Unlike Groklaw I do not think that there will be anything 'Easy' about it. However I do have a idea on what could be used to replace it effectively.
One thing to keep in mind is that I do not think that it is necessary to remove FAT support for Linux distributions. Microsoft repeated stated that they were not targetting Linux or open source with this patent attack and I figure until they actually do then it is worthwhile to simply keep what already exists in place.
However it is important for embedded developers to work out a way to mitigate Microsoft's threat on new devices. So those are the people that need to be concerned about it.
I'll outline my thoughts:
There are a number of different reasons why Fat is the defacto standard for this sort of thing. Reasons like:
1. USB Mass storage is supported by modern OSes by default. As is FAT. This means that you can have your devices used on any OS without requiring users to install extra drivers. This is a HUGE benefit.
2. Fat is simple to impliment and has low resource requirements.
3. Everybody else is using it.
These are all very good reasons. Fabulous and very strong good reasons. Alternatives like ext2 require extra drivers on Windows. And with Window's way of dealing with drivers this means that if people try to move to Ext2 then there would end up being thousands of different versions of ext2 support floating around. USers using multiple devices will probably run into new difficulties. So avoiding installing new drivers for file systems in Windows is a huge priority.
So my idea is to not support USB Mass storage at all on these sorts of devices.
My idea right now, although I haven't looked into it to deeply is to replace USB mass storage + FAT with USB virtual enthernet driver + http + Webdav.
It may sound insane, but I think it would have a good chance of working for many devices.
Remember that we are dealing with consumer embedded devices running Linux with some sort of GUI interface. The processing power and memory requirements needed to run that sort of setup will also be able to run a embedded-style web server. Included on the device may be a small FAT16 partition that can be used to launch a autorun script.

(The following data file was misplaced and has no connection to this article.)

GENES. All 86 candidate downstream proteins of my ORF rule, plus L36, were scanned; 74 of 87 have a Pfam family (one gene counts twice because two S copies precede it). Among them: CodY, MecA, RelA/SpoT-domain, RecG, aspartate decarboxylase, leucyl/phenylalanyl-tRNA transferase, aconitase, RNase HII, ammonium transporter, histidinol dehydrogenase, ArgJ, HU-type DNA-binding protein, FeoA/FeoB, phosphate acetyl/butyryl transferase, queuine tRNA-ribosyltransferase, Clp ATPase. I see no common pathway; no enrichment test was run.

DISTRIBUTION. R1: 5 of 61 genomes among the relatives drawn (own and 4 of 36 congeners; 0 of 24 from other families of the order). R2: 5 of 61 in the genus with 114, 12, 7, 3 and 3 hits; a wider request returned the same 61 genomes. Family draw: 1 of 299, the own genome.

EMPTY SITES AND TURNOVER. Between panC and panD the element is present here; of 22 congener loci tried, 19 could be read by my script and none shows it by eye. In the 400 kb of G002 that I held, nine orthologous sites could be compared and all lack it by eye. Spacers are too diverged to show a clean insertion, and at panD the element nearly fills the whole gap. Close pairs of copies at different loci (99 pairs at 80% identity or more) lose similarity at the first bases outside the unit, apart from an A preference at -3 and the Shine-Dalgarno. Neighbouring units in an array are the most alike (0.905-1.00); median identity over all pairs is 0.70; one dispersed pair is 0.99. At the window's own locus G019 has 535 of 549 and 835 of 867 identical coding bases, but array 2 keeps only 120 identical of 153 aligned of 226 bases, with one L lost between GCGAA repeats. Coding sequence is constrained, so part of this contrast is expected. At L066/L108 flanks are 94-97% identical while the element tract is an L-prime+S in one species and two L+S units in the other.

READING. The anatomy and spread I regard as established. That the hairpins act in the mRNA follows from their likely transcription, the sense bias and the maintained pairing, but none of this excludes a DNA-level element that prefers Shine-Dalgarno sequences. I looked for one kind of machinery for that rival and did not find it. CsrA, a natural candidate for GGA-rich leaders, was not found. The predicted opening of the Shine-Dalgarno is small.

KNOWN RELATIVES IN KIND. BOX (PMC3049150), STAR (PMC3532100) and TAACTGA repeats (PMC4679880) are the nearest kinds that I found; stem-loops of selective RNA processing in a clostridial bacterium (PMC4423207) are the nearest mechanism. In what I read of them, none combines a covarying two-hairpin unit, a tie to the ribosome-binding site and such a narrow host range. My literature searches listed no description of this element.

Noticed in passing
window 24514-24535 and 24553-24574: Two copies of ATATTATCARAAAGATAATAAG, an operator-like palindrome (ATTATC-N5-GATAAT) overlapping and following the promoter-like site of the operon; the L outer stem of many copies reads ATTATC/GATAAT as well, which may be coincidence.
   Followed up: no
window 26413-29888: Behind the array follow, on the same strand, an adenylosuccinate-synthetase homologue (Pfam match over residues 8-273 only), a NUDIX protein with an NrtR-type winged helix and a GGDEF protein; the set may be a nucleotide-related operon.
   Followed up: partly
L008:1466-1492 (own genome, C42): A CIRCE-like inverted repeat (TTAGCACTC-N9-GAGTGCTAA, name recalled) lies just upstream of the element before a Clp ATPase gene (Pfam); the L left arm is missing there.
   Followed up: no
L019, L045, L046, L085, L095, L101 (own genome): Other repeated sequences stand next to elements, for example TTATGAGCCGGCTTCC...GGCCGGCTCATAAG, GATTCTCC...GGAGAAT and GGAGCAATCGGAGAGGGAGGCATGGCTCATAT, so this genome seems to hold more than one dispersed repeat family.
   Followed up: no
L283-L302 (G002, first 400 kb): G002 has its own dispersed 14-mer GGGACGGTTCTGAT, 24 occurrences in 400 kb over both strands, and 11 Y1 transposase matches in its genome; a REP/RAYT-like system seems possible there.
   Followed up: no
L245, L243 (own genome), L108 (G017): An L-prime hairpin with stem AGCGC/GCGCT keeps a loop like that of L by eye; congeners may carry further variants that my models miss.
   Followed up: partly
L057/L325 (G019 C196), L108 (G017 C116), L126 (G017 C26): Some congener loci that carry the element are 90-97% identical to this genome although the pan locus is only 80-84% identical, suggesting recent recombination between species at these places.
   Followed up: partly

So what this provides you with is the ability to run a nice graphical configuration utility, built into the device. This GUI would be write-once, use-everywere since it will be built using web standards.. the only requirement on the end user side is to have a web browser.
There is precendence for using virtual usb ethernet connections. Many 'Broadband' devices like Cell phones or modems that allow users to connect to 3G networks have virtual ethernet devices that they setup. This is because PPP over USB has a lot of overhead and will be throttled by the USB speeds before it maxes out the wifi connection. Ethernet frames have much lower overhead.
And, like FAT, Webdav is pretty much universally supported by modern OSes and can provide a file system-like interface for Gnome, Windows XP (or newer) and OS X. So if it desirable for a user to simply drag-n-drop files then that is acheivable.
So what this gets you is a nice write-once, run everywere, GUI interface for administrating the device. A nice way to provide links to online resources. Puts a higher degree of control over your device since your not exposing the full file system to the end user. Allows for better feedback from users for important tasks like firmware updates. etc etc.
The added expense can be offset by the fact that you can use native file system drivers and avoid needing additional block-to-flash translation layers needed to support FAT, as well as avoiding Microsoft's licensing costs. And you'll save on packaging and shipping costs since you won't need to bundle drivers so much.
And on top of that if you are creating a device that has additional features like wifi or broadband support then your application would be able to use that also without being re-written or changing user documentation.